Fish and chips were one of the few foods not to be rationed during the Second World War. The popular food was seen as a sustainable meal the nation could depend and thrive on. Winston Churchill was keen for the British population to be able to enjoy the national dish and described fish and chips as ‘good companions’.
Called dinner but more commonly eaten at lunch time or early afternoon, the roast dinner is a meal where the family still get together and spent time over a meal. The Sunday roast takes a while to prepare and cook and this is probably why it has now become a tradition in itself to go to the pub for a Sunday roast. This way of enjoying a roast dinner has gained so much in popularity that, similar to fish and chips, has become common on the menu in many pubs.
What makes up a roast dinner will vary from region to region and household to household but in essence it includes roasted meat and potatoes with a selection of vegetables. With the different meats are different accompaniments. Beef has Yorkshire puddings (made out of batter), Lamb goes with mint sauce, chicken has stuffing (made from bread crumbs, onions, herbs and spices) and pork has apple sauce. More recently, nut roast has become a popular alternative for vegetarians.
Real Ale/Cask Beer.
There are thousands of different varieties of ales to choose from but most good pubs will have at least three or four different ones to try. Contrary to what some believe, real ale should not be warm. British ales have been referred to as warm beer, but if you are served ale that is warm, you haven't received a good pint. Real ale should be served chilled, similar to the temperature in the cellar the casks are stored in. Cooling this type of beer too much destroys the taste, and one of the many reasons this type of beer is regaining popularity is that it has more taste than many of the mass produced, heavily carbonated lagers that are available. If you are not sure which beers are ales look for the long handled pumps on the bar which have badges on them, or alternatively ask the barman for recommendations.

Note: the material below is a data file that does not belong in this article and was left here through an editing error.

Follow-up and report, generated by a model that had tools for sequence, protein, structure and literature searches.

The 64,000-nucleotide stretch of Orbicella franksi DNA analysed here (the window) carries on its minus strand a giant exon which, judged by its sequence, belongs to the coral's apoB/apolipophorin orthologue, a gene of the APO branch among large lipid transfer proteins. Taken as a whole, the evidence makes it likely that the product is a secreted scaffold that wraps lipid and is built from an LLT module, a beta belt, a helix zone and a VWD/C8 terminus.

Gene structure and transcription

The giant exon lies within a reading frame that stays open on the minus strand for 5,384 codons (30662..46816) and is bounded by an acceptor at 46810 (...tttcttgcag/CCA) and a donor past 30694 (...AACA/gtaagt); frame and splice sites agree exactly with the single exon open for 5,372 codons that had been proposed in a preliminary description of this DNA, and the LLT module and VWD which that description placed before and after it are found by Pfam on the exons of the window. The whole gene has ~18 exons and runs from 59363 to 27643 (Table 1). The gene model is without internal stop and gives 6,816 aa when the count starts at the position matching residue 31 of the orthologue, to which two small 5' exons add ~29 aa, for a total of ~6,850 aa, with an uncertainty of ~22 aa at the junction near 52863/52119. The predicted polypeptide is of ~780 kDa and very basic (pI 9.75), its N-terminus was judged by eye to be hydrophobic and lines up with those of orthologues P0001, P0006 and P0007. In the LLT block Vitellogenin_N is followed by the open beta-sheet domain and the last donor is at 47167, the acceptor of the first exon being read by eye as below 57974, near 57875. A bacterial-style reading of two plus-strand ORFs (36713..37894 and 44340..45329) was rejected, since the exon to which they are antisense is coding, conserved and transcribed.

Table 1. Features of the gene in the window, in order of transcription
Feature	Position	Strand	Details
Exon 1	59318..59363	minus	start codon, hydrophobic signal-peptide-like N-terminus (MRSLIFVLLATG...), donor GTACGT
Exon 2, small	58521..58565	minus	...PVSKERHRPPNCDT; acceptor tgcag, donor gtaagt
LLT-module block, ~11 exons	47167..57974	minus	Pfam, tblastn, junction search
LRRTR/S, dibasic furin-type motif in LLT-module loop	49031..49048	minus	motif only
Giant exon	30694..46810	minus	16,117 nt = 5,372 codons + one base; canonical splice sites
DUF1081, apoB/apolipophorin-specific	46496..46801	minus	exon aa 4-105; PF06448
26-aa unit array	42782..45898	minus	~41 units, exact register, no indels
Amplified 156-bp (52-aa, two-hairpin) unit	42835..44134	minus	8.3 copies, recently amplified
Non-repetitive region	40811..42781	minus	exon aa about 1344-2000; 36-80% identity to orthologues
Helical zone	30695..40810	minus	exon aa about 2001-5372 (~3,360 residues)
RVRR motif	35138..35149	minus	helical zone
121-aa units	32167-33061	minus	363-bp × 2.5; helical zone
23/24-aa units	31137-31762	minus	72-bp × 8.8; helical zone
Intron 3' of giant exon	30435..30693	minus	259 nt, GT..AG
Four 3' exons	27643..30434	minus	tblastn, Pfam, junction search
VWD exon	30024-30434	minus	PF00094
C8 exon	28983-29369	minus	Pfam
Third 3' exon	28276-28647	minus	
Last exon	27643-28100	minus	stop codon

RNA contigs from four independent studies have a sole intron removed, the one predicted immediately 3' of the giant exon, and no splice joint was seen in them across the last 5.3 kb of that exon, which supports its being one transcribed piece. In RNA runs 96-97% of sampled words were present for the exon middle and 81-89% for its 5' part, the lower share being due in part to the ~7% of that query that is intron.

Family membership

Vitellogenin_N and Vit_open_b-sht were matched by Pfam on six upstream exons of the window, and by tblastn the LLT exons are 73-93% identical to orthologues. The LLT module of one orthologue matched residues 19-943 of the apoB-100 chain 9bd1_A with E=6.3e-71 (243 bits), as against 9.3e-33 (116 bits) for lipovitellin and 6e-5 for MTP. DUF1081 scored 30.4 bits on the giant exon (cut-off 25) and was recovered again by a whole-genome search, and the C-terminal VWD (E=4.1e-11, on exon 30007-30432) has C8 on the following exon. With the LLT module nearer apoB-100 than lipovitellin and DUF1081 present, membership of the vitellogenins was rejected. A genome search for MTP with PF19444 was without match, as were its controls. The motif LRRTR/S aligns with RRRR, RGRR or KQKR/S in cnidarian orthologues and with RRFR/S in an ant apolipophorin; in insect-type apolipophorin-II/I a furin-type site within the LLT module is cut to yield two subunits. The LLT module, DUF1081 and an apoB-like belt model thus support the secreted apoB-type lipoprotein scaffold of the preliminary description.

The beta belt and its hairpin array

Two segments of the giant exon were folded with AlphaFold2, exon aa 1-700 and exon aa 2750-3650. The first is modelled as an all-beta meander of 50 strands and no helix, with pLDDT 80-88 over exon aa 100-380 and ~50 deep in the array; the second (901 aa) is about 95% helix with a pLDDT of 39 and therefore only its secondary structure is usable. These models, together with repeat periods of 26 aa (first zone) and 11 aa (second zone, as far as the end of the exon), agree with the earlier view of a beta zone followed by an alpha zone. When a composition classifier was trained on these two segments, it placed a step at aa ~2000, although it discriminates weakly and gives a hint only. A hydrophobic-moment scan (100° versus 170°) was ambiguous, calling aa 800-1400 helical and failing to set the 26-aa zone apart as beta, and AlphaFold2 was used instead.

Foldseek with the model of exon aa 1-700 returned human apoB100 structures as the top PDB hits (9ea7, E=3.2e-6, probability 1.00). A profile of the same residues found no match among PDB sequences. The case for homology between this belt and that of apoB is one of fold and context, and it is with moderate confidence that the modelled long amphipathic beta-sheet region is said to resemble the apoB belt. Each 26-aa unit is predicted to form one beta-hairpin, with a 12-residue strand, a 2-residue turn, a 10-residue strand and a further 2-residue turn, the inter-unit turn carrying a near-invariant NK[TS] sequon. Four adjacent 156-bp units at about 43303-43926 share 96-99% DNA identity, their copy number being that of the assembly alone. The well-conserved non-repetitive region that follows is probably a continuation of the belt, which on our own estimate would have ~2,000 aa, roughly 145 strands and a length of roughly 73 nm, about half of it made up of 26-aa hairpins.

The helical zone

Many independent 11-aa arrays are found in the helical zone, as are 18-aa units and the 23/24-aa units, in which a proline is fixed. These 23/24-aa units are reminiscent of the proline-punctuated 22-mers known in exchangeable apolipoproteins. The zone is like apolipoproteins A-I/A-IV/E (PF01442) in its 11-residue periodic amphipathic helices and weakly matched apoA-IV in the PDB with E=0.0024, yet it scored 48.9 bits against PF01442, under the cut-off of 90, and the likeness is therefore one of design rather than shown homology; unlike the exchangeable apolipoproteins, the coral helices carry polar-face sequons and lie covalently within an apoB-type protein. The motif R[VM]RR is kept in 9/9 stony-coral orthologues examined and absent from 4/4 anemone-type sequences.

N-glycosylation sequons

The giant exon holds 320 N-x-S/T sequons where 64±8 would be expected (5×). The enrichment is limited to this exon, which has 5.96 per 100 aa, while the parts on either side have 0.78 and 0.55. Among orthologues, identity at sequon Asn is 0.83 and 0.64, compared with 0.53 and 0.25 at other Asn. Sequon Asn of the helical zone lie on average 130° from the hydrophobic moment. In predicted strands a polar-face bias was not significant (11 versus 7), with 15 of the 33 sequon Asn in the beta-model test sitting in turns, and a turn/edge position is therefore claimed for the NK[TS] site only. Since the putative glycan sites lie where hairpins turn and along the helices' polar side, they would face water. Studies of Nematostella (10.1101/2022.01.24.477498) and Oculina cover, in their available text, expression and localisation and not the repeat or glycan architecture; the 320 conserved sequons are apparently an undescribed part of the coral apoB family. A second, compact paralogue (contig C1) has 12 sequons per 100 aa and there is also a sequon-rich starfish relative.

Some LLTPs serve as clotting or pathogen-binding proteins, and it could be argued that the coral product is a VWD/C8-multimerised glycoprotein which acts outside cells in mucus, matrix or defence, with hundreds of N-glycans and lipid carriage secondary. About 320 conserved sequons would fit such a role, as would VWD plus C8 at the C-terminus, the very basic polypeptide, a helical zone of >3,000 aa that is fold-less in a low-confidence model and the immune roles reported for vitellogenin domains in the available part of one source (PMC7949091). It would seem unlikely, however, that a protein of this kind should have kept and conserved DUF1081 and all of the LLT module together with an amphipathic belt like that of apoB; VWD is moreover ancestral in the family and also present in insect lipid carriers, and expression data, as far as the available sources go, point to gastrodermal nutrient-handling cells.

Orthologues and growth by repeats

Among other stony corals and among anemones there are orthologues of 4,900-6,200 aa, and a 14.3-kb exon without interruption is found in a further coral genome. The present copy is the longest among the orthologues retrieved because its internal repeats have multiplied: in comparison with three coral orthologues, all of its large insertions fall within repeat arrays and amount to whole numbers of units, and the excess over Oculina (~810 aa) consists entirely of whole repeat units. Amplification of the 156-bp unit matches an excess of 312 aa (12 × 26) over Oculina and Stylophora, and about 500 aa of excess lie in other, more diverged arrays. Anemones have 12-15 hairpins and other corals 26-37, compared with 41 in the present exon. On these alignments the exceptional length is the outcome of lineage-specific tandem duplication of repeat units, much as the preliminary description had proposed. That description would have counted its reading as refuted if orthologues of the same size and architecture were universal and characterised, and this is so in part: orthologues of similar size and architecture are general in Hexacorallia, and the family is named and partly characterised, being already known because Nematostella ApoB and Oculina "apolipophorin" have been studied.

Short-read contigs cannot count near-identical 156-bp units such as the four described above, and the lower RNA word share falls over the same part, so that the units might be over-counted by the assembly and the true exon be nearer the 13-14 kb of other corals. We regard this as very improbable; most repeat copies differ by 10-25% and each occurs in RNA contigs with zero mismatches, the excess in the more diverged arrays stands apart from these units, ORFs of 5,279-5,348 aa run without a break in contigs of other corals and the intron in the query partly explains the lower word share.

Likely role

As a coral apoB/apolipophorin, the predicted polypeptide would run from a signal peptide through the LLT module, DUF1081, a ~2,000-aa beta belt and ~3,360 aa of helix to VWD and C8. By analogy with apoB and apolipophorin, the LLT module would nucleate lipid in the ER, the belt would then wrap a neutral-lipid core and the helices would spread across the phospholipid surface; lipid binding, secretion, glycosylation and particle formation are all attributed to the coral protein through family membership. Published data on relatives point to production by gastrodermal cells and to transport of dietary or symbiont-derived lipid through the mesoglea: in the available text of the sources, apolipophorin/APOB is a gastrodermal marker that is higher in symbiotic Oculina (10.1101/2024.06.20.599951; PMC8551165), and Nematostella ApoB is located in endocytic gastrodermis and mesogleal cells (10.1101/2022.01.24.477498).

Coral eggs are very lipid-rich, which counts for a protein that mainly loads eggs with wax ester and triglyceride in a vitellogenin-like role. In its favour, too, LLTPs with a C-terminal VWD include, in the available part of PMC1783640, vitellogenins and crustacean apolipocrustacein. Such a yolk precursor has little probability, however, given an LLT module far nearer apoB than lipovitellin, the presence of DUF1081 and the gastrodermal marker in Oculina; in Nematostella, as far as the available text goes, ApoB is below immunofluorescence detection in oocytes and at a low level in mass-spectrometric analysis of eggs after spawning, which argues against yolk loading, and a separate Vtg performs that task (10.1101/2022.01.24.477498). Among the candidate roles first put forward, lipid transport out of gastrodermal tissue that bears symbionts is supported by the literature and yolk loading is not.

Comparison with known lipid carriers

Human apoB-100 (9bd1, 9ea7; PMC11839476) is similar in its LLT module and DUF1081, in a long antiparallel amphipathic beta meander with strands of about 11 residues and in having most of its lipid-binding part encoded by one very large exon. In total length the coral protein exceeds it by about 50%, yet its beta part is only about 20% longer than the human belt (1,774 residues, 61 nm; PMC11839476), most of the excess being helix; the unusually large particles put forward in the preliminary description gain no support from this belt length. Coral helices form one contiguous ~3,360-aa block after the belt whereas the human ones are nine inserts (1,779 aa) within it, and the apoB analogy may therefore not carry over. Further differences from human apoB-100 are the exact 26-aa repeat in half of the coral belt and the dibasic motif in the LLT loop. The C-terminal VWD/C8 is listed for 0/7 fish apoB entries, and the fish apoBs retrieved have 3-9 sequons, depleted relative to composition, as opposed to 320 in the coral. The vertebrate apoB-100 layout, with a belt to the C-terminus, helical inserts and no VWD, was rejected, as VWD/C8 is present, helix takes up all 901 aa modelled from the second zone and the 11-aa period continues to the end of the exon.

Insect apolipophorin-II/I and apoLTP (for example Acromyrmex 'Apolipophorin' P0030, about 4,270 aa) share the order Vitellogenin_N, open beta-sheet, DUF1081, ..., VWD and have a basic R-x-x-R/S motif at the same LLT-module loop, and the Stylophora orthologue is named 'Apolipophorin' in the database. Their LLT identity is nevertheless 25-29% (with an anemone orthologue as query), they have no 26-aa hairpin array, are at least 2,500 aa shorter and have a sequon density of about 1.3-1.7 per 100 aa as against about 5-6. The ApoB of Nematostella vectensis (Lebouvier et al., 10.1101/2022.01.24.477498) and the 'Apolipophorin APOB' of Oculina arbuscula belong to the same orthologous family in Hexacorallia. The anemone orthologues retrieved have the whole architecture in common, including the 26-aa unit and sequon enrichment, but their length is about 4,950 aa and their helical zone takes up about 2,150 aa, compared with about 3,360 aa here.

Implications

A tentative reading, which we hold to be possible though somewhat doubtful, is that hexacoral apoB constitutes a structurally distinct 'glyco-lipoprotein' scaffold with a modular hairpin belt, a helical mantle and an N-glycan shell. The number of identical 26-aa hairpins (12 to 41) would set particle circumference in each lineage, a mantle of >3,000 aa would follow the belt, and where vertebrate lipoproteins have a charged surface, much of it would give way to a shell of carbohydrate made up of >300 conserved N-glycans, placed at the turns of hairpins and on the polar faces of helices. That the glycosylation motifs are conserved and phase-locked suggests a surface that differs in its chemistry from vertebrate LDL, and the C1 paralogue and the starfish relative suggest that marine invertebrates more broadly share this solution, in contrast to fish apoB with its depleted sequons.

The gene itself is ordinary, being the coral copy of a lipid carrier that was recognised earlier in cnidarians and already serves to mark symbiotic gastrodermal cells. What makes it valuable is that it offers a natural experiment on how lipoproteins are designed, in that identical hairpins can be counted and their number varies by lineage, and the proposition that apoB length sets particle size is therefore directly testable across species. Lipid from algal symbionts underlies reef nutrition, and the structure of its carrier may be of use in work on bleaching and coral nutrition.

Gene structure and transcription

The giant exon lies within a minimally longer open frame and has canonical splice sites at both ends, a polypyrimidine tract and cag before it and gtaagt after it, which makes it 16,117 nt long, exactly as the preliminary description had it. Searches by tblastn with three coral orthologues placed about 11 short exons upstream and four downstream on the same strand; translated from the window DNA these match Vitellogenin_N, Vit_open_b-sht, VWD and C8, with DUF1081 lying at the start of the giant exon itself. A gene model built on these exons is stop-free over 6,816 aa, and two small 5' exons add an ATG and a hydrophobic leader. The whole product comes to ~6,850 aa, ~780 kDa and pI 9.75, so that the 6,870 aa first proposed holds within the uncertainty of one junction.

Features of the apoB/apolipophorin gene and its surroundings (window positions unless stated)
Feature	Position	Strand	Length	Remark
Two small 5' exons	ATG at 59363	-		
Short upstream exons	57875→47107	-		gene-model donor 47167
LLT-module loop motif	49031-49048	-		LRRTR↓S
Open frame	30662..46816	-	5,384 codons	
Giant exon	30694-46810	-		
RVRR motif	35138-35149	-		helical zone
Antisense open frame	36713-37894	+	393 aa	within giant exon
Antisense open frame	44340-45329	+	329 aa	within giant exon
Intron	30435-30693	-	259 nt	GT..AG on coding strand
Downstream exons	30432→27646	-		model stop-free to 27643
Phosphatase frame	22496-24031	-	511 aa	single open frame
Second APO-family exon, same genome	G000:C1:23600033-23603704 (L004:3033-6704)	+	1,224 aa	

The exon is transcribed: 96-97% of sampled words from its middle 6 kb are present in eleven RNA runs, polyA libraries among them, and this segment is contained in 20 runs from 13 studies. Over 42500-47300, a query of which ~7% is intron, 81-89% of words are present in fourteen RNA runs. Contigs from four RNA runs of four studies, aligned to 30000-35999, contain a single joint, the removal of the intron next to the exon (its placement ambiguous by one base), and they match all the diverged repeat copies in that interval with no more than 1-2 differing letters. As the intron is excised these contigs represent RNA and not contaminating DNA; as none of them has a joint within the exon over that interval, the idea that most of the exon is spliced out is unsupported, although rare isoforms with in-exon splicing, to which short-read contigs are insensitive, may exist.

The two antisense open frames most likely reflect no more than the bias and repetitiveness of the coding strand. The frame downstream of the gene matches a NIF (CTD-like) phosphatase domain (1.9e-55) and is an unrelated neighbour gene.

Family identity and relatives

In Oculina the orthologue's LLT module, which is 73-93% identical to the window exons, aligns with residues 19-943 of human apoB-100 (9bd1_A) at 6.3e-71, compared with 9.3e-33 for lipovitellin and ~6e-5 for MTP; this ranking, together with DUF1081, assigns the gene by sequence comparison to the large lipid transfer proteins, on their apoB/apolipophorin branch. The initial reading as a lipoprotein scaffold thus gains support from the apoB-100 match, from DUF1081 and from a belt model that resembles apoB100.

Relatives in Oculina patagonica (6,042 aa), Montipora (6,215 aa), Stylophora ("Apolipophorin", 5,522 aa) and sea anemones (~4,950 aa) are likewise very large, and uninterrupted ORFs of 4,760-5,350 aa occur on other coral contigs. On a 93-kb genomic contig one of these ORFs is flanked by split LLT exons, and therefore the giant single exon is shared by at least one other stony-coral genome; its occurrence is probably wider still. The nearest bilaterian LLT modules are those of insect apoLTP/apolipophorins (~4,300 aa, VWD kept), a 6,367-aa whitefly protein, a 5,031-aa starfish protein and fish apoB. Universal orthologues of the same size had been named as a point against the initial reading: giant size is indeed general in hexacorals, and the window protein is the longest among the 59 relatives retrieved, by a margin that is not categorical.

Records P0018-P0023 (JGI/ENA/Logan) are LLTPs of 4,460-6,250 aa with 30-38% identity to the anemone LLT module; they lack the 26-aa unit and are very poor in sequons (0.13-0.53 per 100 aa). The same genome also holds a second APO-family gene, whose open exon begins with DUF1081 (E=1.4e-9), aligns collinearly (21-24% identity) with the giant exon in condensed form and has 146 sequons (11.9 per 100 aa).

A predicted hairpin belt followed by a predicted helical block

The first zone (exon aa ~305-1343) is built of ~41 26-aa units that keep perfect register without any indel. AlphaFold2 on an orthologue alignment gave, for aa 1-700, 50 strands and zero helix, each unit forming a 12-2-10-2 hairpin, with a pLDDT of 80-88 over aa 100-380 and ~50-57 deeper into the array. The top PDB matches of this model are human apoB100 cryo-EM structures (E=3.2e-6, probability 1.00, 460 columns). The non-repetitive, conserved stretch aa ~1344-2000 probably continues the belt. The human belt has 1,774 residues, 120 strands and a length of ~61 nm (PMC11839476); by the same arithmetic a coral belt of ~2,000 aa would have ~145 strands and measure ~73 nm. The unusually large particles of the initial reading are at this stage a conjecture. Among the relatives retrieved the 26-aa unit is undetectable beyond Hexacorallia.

Real ale is brewed in casks and is unpasteurised. It is aerated by the live yeast in it, not artificially carbonated. It is also not filtered. Instead, finings in the cask keep the yeast to the bottom. Real ale by its nature will go off. It will last about three days after the cask has been tapped (opened). If the beer is completely flat, tastes off, and has no frothy head when first pulled, it’s probably past its best, and you should ask for it to be replaced. If you want to make sure you’ll get a good pint look for the cask marque, which will be displayed either outside the pub or near the bar. This marque indicates that the pub has good quality ales. The pub will be subjected to surprise inspections in order to be accredited to the scheme.
If your interest in real ale takes you further, try a brewery tour. There are several breweries in London that give guided tours; one of the oldest is Fuller’s The Griffin Brewery. The site of this brewery has 350 of continuous brewing history. It is located on:
Chiswick Lane South , W4. +44208 996 2063. Nearest tube stop is Turnham Green.
Opening times: 11.00 – 15.00 Mon to Fri.
Visiting London is an amazing experience. While you are in the capital, have a try of the nation’s favourites. You can then take home memories of places you have visited, shows you have watched, but also some of the tastes of Britain as well.